One of the most beloved classical works — as well as one of the most challenging and exciting works for strings and flute — will come to life Sunday when the Brazos Valley Symphony Orchestra and two of its outstanding musicians perform in the second concert of its Kaleidoscope of Classics season.
Concertmaster Javier Chaparro steps to the front for Antonio Vivaldi’s The Four Seasons. According to a symphony news release, the audience will be treated to “visions of spring birds, summer storms, autumn country dances and winter ice skating scenes.”
Penny Zent will take center stage for Johann Sebastian Bach’s Suite No. 2 in B minor, BWV 1067. During his six-year tenure as Kapellimeister — or musician-in-charge — in KÖthen from 1717 to 1723, Bach served the royal house of Prince Leopold, There, he turned his music from the religious to the secular. It was during this period that he wrote the Brandenburg Concertos and a series of suites, including the one to be performed Sunday. Written primarily for strings, the suite’s second movement includes “one of the most challenging and exciting works written for flute,” according to the symphony release.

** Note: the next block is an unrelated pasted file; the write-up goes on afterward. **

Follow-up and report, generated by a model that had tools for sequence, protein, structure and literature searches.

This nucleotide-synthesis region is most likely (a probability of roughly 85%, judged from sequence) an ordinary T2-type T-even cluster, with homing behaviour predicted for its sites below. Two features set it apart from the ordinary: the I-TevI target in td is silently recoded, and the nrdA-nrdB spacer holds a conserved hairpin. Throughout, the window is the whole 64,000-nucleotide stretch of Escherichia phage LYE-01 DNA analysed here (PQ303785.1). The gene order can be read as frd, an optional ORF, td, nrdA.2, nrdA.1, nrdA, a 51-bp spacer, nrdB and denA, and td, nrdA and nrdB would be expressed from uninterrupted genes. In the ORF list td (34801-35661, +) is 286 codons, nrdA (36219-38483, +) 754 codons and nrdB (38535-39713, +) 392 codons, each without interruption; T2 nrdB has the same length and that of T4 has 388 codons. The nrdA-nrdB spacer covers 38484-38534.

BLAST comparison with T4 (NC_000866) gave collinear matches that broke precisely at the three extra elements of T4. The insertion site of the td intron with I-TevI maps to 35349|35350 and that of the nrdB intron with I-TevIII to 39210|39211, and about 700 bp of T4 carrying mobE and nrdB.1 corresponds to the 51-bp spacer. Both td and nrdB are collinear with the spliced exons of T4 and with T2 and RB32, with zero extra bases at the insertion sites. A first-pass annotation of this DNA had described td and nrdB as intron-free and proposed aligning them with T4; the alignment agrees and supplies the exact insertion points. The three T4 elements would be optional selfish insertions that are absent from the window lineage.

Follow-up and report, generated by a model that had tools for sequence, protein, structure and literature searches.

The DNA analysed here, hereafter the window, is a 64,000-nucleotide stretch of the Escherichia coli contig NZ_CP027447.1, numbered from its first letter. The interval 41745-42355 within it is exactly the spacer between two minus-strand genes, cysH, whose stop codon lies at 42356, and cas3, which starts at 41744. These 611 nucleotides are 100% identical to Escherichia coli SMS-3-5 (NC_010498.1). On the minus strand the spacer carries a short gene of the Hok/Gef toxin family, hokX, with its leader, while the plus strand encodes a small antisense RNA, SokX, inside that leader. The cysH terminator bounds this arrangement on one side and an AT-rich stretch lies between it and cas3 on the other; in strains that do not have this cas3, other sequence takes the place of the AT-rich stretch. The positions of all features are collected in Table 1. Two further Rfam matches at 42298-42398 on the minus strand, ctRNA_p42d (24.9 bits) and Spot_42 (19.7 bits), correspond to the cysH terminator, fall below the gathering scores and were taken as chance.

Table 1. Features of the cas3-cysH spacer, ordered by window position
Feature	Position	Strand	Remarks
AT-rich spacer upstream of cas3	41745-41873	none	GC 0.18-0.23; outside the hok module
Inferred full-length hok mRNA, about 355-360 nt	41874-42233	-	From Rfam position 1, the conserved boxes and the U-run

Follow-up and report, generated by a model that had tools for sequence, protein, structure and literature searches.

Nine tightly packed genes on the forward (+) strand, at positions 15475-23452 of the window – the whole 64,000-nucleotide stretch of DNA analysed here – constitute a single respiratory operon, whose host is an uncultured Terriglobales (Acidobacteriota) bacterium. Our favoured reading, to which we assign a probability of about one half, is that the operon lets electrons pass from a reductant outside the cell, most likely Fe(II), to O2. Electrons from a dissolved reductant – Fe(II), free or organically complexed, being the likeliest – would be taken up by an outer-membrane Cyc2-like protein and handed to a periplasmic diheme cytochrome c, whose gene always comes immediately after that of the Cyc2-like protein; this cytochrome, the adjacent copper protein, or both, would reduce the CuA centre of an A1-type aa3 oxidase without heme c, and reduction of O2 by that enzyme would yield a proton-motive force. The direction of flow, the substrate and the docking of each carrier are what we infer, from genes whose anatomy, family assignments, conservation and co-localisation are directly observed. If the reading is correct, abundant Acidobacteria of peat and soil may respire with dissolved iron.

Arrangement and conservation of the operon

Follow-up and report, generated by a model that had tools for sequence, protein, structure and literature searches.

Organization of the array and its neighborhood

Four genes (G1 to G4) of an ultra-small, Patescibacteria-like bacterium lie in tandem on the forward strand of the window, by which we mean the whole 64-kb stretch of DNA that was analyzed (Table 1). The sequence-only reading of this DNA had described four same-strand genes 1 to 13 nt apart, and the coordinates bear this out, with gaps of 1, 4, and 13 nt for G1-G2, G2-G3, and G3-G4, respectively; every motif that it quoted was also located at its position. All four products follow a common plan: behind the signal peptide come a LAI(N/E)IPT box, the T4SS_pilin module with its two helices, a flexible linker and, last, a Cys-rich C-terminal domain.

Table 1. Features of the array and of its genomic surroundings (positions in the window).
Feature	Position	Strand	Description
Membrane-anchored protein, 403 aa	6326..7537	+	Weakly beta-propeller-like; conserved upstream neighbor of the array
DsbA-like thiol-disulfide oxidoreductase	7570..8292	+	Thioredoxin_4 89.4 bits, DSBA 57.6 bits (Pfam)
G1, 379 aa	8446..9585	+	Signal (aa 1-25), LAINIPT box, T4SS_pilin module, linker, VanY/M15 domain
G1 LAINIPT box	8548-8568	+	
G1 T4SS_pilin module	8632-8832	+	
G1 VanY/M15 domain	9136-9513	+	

The concert begins at 5 p.m. Sunday inside Rudder Theatre. Tickets are $45 for adults and $16 for students, available at the MSC Box Office on the first floor of Rudder Tower, online at boxoffice.tamu.edu or by calling 979-845-1234. Tickets will be more expensive the day of the concert.
Rudder Auditorium only seats about 700 people, so don’t delay purchasing your tickets.
Javier Chaparro originally joined the Brazos Valley Symphony Orchestra in 1992. The news release says Chaparro “is one of the most versatile musicians in Texas today as an accomplished singer-songwriter, band leader and composer of film soundtracks.”
A native of Peru, Chaparro performs regularly with his Austin-based band Salúd. He has performed concerts throughout North and South America and Europe.
Zent is one of the earliest members of the Brazos Valley Symphony Orchestra, joining during the orchestra’s second season. She has performed with the symphony longer than any other musician and currently is the orchestra’s principal flutist.
Like Chaparro, she has performed around the world. She was head of KAMU-FM for many years before retiring to see more of America and the world. She is vice president of the National Flute Association.
Zent is founder of the Brazos Breeze Flute Choir, which performs several concerts a year and is an ensemble in residence at First United Methodist Church in Bryan.